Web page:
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Asian Petroleum Review : Jan-March 2011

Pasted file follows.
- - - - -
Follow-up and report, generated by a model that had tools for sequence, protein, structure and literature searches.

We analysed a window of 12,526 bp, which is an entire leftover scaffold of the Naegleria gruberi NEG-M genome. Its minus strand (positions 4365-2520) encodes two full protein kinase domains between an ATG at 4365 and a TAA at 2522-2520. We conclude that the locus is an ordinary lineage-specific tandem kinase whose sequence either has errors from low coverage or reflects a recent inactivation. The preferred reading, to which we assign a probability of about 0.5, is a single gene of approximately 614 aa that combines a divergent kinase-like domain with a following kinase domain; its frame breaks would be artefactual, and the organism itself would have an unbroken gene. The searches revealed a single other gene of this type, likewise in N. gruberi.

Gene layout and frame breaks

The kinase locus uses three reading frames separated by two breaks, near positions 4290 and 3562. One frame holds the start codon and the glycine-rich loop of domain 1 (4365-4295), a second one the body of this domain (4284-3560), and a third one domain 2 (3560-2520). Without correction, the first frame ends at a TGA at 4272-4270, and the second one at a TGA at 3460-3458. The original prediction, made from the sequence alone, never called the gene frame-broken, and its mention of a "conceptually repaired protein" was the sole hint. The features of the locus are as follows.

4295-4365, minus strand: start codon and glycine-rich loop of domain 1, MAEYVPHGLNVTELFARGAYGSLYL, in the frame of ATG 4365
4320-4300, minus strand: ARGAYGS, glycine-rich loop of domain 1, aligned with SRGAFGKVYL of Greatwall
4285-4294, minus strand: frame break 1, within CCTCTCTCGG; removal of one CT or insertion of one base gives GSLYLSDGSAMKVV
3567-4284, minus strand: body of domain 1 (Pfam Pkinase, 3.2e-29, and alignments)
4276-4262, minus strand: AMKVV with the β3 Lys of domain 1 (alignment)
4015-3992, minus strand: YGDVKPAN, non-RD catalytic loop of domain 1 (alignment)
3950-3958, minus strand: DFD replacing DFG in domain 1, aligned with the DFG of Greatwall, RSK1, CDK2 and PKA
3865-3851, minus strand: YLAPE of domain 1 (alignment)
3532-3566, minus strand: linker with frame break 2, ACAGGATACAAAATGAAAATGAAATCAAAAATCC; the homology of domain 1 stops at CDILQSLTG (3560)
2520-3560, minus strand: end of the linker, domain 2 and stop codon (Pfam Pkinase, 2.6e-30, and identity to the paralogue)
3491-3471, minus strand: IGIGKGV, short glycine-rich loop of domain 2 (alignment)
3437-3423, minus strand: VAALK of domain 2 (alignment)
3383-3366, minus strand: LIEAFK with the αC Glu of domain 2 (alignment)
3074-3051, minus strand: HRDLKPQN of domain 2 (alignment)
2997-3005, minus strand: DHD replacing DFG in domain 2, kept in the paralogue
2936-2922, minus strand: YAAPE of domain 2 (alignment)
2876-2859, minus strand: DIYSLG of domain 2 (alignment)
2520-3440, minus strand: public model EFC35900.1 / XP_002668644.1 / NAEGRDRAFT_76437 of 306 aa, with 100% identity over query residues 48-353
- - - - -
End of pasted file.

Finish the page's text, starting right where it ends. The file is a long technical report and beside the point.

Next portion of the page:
Floods and explosions also make China's mines the deadliest in the world. Despite talk of limiting production and tougher environmental standards, coal output is surging and China is spending heavily on new explora- tion projects. While investment in renewable energy is set to hit record levels, coal will fuel most of the country's economy for the foresee- able future and policymakers are figuring out how to make better use of it. Coal has supplied more than 70 percent of China's energy for the past 50 years and con- sumption has increased around 10 percent a year since 2000. Routine disruptions in supplies regularly wreak havoc on the country's economy -- power cuts hit large parts of China last month after freezing weather slowed coal deliveries, and worse is ex- pected in January if temperatures plunge. The U.S. Energy Information Administration pre- dicted China will need to add 736 gigawatts of coal-fired capacity by 2035 to meet the require- ments of economic growth and replace retired plants. With each gigawatt of coal-fired generation re- quiring some 2.9 million tonnes of coal per year, those forecasts mean China would not only re- quire massive investment in new plants but also an additional 2.13 billion tonnes a year of coal -- total output last year was an estimated 3.2 bil- lion. That would be a 60 percent jump in coal usage, ruining Beijing's plans to reduce coal's share of total generation to 70 percent by 2020 from 80 percent now. "We don't have a lot of gas. Nor we do have a lot of oil. The only resource that is cheap and we have in abundance is coal, so our economy will have to rely on coal for a long time to come," said Ren Guangxi, President of Hangzhou Haoy- ang Energy Co Ltd. SINKING CITY The Haizhou open-cast coalmine began opera- tions in 1953 and supplied half of Fuxin's coal requirements in the decades that followed, feeding a huge Soviet-built power plant that dominates the city's low-lying, ramshackle sky- line. With miners digging ever deeper for dwin- dling supplies, the mine was finally declared bankrupt in 2005. Satellite photographs of the Haizhou site show a massive crater resembling nothing so much as an asteroid hit. Five decades of intensive exca- vation left an abyss 4 km wide (2.4 miles) and 300 metres deep, along with a legacy of pollu- tion and land subsidence the local government is only beginning to address. The foundations of the city were literally under- mined. Around 100 square km of the city, with 27,000 build- ings and around 78,000 residents, was on the verge of caving in, earning Fuxin the title of "sinking city". While a catastrophic landslide has been averted, much work needs to be done to shore up the mine's embank- ments, said Li Zhao, an official with the local land and resources bureau. "We are still trying to solve the problem. We have to sink big supports into the earth, 10-20 metres deep, and it is a difficult process," Li said. With consumption cuts not yet an option, China aims to burn coal without causing the sort of devastation in Fuxin and other major producing regions. But as older mines like Haizhou reach the end of their lives, produc- tion has inevitably moved elsewhere - - the Fuxin Min- ing Group has already invested in a mine in neighbour- ing Inner Mongolia - - and the curse of king coal spreads wider. Other coal-producing provinces such as Liaoning, Heilongjiang, Shandong and Hubei have faced declin- ing production despite efforts to dig deeper under- ground. As a result, many of these provinces have had to bring in coal from elsewhere in recent years. Developed cities and provinces such as Beijing, Shang- hai, Jiangsu and Guangdong have shut down their own mines, but their coal consumption continues to rise. That has shifted the burden of production to other re- gions such as Shanxi, Shaanxi and Shandong. "Provinces in the east have evolved from coal exporters to importers, and growth of coal production is concen- trated in two western provinces: Inner Mongolia and Shanxi, " said Citigroup's resources analyst Scarlett Chen. As production moves north and west, the strain on China's transportation infrastructure has also in- creased, and the developed east and southern coasts have been forced to rely more on imports, something unthinkable a decade ago. China has relied on its own coal production since the revolution in 1949. Back then, Beijing had no foreign currency and was under an international embargo. It had no choice but to depend on its own coal reserves to fuel growth. Big discoveries of crude oil in the north- east helped restrain coal demand for a while, but total output still reached around 618 million tonnes in 1978, behind only the United States and the Soviet Union. Then came China's "reform and opening up" period, and demand exploded. Chinese government analysts expect annual coal de- mand to reach at least 4 billion tonnes by 2020, 25 percent higher than 2009, even after taking into ac- count unprecedented levels of investment in nuclear, wind, solar, and hydro that the country is likely to see over the period. "You can still smell the soot in the air but believe me, it is now a lot better than before" - Eric Zhang